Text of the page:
According to Business Insider, Elon Musk discussed his excitement over Neuralink, “an AI-enabled chip that could be implanted in a person’s brain to stimulate brain activity.” on a Lex Fridman podcast, which aired this past Tuesday.
While I can’t speak directly to how this microchip would work with Alzheimers’s or Parkinson’s, we need to reflect on different possibilities in terms of Autism and Schizophrenia.
I deal with mental health challenges and a neurological impairment, and I for one, don’t need a microchip to “solve” my “issues”. Many folks on the Autism spectrum consider their Neurodivergence as a way of being and wouldn’t want a chip to be implanted into their brains. They don’t see their way of being as a condition that needs fixing.
Medium writer, Devon Price, wrote an article that beautifully represents the benefits that Autism carries, in 2018.
While I’m sure your intentions are good, Mr. Musk, the main contention I have with your understanding is it misses the point that Neurodivergent folks may not consider their way of relating to the world to be a problem. The bigger problem is our society’s lack of understanding.
A bigger issue we deal is being misunderstood and stigmatized by our wider culture.
And while I’m sure some of us, will likely consider the prospect of a microchip insertion, many of us don’t identify as being a broken machine necessitating added equipment to fix us.
There are Person-centered ways of dealing with mental suffering.
As a Peer Support Specialist and, a Neurodivergent individual myself, I know there’s a lot of suffering connected with these two diagnoses. People diagnosed and family members don’t always know what to do. And we may not be aware of resources, especially outside of the most traditional understandings.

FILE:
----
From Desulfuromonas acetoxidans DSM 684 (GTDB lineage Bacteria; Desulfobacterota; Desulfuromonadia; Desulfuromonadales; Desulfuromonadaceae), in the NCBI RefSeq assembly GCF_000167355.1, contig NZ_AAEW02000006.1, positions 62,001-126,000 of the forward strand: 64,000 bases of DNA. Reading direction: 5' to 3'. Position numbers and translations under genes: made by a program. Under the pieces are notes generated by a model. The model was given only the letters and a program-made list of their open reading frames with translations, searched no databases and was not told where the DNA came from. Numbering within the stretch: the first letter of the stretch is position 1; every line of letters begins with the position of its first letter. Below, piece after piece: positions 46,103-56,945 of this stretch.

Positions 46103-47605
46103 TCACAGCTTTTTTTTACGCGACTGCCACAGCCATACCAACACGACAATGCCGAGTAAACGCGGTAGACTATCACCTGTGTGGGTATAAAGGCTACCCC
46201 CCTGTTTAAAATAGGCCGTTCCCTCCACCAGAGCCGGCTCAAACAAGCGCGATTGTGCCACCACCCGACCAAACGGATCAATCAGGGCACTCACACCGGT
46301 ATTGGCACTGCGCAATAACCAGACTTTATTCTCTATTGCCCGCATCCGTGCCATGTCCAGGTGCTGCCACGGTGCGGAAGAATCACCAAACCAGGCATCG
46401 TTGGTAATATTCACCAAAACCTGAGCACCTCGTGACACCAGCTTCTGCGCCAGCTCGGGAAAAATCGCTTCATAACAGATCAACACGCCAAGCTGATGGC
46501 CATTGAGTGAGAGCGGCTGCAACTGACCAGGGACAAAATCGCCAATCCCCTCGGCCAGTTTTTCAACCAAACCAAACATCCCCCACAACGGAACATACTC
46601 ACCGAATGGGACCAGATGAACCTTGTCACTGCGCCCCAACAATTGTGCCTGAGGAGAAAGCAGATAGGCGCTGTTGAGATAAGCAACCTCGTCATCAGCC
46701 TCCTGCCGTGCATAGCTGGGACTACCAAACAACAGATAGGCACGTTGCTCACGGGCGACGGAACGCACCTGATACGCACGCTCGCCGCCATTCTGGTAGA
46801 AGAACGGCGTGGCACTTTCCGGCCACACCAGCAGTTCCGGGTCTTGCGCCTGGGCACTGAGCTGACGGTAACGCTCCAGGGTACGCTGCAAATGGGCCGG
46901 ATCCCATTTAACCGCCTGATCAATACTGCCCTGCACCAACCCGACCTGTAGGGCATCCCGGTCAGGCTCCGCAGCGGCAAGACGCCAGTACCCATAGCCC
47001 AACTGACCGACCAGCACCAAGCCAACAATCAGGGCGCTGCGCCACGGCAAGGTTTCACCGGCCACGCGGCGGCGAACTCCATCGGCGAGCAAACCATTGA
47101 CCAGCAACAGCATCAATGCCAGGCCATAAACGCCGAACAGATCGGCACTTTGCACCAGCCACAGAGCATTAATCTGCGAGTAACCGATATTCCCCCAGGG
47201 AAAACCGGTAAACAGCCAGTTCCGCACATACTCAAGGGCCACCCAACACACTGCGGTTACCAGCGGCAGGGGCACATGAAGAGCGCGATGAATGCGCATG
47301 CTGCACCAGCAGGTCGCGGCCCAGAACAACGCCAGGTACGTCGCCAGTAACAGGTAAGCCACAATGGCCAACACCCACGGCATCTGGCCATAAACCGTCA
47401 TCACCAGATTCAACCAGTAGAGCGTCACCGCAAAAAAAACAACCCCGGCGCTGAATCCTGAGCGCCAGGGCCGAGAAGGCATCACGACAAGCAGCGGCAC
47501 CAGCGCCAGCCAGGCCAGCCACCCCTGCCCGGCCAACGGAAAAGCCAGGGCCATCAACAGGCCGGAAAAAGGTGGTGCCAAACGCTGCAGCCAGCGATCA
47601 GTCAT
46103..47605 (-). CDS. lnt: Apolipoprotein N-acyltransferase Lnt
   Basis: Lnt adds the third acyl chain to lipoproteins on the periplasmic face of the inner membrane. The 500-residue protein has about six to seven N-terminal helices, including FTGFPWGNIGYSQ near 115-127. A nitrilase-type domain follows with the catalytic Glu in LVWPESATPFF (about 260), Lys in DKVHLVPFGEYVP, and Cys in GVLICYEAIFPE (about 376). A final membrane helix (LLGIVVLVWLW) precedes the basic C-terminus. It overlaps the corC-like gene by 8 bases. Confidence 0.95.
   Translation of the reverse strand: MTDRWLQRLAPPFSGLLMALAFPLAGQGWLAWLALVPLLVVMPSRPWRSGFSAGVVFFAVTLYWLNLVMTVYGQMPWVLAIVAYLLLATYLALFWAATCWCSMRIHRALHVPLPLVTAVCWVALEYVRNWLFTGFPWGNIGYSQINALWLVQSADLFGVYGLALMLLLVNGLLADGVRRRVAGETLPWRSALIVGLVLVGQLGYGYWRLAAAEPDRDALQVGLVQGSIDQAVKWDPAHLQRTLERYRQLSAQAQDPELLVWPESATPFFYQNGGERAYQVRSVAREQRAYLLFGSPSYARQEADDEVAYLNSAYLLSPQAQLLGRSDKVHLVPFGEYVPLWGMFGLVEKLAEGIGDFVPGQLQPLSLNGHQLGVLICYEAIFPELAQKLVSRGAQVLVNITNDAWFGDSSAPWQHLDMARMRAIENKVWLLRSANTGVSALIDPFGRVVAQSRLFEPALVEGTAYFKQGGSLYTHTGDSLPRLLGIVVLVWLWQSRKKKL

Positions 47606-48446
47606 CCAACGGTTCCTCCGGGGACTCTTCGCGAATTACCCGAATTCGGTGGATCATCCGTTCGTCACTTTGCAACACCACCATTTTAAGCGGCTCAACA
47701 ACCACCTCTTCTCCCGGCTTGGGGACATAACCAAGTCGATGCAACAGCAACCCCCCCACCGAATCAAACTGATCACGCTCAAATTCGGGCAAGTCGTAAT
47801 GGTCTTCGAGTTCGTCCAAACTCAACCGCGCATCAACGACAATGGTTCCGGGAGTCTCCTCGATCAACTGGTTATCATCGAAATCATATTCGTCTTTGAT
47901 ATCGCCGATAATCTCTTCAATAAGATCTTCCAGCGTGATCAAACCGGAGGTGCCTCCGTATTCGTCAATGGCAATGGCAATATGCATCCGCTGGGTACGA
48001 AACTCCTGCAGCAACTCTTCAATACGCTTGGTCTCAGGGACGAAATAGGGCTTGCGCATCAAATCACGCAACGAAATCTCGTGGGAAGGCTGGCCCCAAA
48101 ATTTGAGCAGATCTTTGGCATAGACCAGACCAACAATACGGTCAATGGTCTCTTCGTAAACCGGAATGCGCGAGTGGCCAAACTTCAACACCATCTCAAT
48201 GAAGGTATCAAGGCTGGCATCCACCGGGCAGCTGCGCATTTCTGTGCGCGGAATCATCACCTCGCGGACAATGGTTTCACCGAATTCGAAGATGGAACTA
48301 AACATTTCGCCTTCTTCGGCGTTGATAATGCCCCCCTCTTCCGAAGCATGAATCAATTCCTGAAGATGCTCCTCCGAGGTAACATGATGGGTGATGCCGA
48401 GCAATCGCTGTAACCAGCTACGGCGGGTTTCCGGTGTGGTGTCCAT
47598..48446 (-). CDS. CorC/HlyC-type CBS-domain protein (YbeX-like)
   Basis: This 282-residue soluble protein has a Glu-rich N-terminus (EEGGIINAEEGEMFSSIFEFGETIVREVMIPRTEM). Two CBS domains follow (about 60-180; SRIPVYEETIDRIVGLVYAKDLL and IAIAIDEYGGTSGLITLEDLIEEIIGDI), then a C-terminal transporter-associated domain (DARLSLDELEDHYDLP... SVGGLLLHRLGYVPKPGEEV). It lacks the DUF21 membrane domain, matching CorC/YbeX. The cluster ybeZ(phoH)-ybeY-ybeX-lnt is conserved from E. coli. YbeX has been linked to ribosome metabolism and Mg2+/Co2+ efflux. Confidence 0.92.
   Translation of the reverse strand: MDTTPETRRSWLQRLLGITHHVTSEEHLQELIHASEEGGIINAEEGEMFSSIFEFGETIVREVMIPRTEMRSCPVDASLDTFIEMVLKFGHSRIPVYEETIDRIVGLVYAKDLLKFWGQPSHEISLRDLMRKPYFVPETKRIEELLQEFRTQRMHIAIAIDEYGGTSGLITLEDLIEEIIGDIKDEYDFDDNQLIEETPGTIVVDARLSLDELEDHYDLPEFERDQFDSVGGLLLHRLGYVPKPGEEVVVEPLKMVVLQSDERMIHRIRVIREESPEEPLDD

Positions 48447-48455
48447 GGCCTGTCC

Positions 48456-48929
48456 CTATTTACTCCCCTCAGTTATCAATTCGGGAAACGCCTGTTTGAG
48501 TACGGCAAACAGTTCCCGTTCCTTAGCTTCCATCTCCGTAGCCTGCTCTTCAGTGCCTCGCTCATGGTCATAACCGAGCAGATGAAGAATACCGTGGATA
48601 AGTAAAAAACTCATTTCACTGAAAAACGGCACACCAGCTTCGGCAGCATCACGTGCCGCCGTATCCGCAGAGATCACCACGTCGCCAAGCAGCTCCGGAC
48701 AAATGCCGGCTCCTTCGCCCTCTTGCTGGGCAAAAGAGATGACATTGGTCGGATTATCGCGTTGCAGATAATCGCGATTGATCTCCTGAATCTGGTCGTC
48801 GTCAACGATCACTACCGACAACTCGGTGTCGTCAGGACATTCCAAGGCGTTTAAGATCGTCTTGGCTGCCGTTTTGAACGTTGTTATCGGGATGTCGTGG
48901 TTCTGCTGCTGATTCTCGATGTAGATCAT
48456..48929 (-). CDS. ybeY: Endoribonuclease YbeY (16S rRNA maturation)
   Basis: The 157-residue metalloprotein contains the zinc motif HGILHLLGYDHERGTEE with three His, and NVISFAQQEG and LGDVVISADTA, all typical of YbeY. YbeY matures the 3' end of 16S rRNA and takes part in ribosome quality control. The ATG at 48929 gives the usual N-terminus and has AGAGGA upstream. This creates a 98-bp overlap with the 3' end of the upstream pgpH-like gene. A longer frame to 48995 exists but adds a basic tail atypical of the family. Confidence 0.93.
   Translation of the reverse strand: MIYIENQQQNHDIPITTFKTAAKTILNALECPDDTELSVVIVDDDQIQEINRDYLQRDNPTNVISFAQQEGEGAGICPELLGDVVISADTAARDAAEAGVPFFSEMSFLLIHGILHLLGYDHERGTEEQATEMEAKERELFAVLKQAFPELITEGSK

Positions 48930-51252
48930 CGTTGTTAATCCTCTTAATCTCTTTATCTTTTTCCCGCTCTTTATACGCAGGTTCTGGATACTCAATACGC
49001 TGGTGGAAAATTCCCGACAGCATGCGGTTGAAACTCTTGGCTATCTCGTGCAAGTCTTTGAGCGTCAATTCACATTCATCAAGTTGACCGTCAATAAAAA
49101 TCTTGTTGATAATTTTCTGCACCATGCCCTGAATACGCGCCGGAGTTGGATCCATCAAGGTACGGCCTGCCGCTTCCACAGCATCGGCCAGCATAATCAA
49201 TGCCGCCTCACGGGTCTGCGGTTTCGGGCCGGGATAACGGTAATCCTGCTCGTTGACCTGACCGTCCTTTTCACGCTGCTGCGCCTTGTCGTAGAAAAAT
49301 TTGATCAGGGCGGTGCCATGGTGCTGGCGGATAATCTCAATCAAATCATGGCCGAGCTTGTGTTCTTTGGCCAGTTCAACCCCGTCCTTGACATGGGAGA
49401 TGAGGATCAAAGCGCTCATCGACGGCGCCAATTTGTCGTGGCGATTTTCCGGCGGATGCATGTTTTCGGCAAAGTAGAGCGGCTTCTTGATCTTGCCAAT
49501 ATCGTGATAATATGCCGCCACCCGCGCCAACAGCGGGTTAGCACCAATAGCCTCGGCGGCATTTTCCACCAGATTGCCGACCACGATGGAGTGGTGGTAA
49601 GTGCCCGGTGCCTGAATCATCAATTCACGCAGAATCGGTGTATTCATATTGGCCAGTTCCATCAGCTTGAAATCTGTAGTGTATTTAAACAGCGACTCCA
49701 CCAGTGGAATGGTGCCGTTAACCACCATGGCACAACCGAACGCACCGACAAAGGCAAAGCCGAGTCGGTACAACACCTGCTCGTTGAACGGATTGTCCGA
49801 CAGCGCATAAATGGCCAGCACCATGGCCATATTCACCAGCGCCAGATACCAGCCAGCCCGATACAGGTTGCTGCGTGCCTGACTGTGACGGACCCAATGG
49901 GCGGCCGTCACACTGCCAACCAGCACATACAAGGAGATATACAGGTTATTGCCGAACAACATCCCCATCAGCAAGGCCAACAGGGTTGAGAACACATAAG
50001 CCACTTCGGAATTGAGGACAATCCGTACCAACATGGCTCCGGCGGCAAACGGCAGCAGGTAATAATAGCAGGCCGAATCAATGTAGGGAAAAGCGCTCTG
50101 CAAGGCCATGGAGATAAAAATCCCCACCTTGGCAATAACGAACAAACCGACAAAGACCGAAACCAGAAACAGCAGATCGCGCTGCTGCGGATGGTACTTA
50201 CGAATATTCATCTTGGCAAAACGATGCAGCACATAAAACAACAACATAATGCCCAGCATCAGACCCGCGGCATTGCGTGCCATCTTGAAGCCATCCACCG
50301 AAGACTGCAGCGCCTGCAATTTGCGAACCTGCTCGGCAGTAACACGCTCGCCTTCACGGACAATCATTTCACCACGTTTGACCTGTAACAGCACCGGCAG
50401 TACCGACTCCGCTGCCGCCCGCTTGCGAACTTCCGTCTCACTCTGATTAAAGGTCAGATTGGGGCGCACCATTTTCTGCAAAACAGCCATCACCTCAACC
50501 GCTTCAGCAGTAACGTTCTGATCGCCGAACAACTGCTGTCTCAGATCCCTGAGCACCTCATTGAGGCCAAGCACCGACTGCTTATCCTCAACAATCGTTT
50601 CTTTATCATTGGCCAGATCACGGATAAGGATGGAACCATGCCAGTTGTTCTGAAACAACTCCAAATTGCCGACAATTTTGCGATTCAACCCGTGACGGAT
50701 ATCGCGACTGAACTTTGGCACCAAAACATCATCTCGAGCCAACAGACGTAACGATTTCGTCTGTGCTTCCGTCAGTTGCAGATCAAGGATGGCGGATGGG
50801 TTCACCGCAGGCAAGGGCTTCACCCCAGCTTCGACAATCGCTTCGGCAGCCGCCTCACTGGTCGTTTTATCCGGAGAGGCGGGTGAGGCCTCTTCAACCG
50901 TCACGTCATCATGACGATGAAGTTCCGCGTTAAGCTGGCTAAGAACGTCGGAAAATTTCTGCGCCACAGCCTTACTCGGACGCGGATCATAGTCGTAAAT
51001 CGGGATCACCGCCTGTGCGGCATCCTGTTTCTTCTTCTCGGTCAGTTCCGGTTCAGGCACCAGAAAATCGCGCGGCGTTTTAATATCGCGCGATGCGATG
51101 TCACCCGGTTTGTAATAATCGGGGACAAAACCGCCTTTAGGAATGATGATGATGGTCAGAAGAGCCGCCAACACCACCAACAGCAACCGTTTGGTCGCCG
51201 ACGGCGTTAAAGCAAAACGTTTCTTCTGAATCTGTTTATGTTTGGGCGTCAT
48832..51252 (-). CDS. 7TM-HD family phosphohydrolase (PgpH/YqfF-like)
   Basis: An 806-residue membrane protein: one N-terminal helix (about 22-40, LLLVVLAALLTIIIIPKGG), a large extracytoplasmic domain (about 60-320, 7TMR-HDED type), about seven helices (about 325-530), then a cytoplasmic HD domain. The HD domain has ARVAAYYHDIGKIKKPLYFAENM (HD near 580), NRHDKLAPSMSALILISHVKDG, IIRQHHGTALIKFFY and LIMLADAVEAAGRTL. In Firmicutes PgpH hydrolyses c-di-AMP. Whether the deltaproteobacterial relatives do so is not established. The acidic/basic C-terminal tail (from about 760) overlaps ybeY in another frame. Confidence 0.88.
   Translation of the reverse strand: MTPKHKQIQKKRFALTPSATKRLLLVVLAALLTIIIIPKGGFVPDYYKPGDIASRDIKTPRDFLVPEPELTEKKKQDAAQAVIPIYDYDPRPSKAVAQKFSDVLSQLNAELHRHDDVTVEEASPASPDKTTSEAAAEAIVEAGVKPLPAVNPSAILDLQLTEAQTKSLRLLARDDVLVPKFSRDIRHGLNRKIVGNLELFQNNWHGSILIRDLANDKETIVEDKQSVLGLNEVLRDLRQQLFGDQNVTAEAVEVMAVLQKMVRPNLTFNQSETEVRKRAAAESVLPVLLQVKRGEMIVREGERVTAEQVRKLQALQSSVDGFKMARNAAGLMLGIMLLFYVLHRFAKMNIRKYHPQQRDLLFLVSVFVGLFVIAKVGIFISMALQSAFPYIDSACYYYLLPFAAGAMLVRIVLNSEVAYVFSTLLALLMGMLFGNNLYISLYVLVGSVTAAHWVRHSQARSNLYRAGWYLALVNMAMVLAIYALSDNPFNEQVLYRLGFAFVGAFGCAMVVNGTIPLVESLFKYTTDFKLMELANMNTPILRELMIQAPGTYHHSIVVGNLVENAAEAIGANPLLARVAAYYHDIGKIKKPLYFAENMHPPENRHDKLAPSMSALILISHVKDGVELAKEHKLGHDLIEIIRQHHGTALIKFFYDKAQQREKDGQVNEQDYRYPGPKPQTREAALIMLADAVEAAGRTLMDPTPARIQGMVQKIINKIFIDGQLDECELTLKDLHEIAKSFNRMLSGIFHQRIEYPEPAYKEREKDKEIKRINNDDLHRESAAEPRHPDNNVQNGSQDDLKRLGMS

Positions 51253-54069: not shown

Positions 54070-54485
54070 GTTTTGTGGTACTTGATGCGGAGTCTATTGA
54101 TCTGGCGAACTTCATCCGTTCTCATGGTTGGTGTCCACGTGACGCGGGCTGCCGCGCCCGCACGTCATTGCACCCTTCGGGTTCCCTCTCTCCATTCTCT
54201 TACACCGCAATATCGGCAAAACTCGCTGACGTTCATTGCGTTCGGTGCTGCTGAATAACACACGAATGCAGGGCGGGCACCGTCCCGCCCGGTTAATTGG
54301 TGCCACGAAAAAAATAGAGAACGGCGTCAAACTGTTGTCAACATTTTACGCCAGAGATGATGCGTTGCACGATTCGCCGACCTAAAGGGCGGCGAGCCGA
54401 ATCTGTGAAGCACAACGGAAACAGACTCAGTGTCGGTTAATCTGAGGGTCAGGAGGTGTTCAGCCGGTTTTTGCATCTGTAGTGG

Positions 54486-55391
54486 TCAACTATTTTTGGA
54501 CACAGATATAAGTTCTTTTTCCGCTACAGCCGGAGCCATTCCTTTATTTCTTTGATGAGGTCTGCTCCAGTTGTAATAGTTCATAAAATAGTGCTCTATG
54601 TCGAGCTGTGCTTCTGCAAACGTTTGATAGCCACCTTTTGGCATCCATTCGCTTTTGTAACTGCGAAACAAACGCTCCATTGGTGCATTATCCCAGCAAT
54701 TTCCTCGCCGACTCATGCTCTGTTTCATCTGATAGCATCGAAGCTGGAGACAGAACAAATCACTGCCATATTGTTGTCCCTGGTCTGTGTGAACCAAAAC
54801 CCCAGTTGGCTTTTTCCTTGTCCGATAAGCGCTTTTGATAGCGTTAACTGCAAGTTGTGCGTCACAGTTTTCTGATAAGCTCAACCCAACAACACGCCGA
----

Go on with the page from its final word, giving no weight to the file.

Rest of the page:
Even individuals diagnosed with what is considered to be Schizophrenia have more resources than ever, especially for people who hear voices specifically.
One major example is in the Hearing Voices Network, people have learned to talk about their voice-hearing in a way that does not pathologize their experiences. Instead they learn that voices are often a result of past traumatic experiences and can be worked with over time and with plenty of social support. There are Hearing Voices support groups all over the world and more facilitators are being trained every day.
We are learning to expand our understanding, rather than seek out ways to eradicate differences from the norm.
This “Fix-your-brain-at-all-costs” approach is not the answer for many people’s suffering and can be rife with pitfalls, however tempting it may seem in our darkest moments. And when you’re up against a wall, it’s easy to seek a quick fix. It’s a major reason why people with Severe Depression seek out Electroconvulsive Therapy (ECT), despite the grave, long-term risks it can present.
The consequences are tragic when a person doesn’t get what they need, however there are still resources which get closer to the core of caring for the whole person. These possibilities include providing more funding to nonprofits, state programs, expanding access to housing and work opportunities — and even alternatives to traditional Psychiatric understandings, such as the Hearing Voices Network.
And while someone like me would benefit from having a Thyroid gland for instance, since I happen to be born without one — installing a chip in my brain isn’t a path I’d be willing to go. This simplistic view fails to take into account that most people heal from added communal and social supports while learning to work through potentially traumatic experiences in their lives which lead to ‘symptoms’ diagnosed as Schizophrenia.
We are living, breathing human beings with rich emotional lives who need deeper connection with other humans — not machines in need of being repaired.
This mentality of seeing human beings as a vat of chemicals, needing chemical and technological interventions is simplistic at best — and at worst, is reminiscent of eugenic agendas of the twentieth century.
As a Peer Advocate, I support informed consent and in my work, have always promoted individuals being in the driver’s seat of their own care — we need to be careful what steps we take in helping people deal with their suffering.
Let’s not continue to make the mistake of promoting the erasure of human experiences that run contrary to mainstream consensus reality paradigms. There are many community supports and interventions out there for people diagnosed with Schizophrenia or Autism, which respect the totality of the individuals’ experiences and Personhood. We don’t need microchips, what we need most is more awareness, education and financial resources.
The seemingly straightforward path isn’t always as simple as it appears. In 2019, it’s become easy to forget that we are whole people, not just neurons firing off inside craniums.